What do you think?

May 01, 2010
Volume 22, Issue 5

Fedra Pavlou
Over the last few months, we have been publishing a series of special features, which have sought to provide you with an overall view of current challenges, innovations and trends in niche pockets of the pharmaceutical industry. In each issue of PTE since February of this year, we have published some of the highlights from our research within the opening feature of each issue. They have then been published in full in PTE Digital; our new monthly digital magazine, designed to be downloaded, saved and archived, allowing you to create your own digital library of PTE special features.

We would welcome your thoughts on our new print and digital special feature articles; so please do feel free to contact me directly and let me know what you think.

Alternatively, you could communicate your opinions to me by taking part in our readership survey, which will be running within the coming weeks. PTE's annual readership surveys are designed to help us to understand your needs and to find out what we are doing well and how we can serve you better. So if you already receive our eNewsletter, then I encourage you to take part in our series of short surveys, which will be distributed over the course of several weeks and should take no more than 3 minutes of your time to complete. If you do not receive PTE's weekly eNewsletter and would like to be alerted once the surveys are available, then please feel free to sign up at http://www.pharmtech.com/signup.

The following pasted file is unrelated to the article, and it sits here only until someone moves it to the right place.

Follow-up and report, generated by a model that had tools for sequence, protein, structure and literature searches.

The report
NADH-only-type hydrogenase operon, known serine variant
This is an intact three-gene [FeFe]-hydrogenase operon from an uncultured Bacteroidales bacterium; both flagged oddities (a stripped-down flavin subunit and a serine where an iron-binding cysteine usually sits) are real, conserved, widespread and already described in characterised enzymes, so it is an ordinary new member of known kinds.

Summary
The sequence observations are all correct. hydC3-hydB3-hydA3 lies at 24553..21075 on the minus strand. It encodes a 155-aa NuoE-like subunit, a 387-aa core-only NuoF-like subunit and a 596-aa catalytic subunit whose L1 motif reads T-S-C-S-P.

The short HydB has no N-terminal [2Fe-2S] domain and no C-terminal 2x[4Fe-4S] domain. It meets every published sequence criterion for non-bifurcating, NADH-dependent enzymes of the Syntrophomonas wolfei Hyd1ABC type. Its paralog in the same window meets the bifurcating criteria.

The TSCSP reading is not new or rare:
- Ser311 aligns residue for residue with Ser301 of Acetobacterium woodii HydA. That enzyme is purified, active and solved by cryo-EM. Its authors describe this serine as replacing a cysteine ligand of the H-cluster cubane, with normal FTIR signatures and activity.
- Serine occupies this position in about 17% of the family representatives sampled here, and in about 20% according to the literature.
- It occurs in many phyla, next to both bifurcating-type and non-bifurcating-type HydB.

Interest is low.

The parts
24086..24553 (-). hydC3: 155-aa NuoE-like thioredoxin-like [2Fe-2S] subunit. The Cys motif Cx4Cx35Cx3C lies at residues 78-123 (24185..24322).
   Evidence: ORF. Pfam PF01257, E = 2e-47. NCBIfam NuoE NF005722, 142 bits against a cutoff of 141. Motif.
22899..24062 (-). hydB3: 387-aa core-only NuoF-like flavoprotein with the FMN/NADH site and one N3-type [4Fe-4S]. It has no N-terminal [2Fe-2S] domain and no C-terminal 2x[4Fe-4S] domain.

For this month's special feature, we spoke with experts at some of the world's leading analytical equipment manufacturers to uncover some of the hurdles to good and consistent analysis and the exciting developments on the horizon.

Also this month, we take a look at one of the hot topics of the moment — pharma's move towards the emerging markets. While many immediately couple low manufacturing costs and a threat to western employment with pharma's growing interest in the emerging markets, this month's editorial discusses the problems of high disease prevalence and unmet need, specifically in China, and provides advice on how pharmaceutical companies should adapt their approach to R&D and commercialisation if they are to succeed in these rapidly expanding markets. It makes for interesting reading and hopefully brings you another perspective on the importance of these markets to the pharmaceutical industry.


Fedra Pavlou

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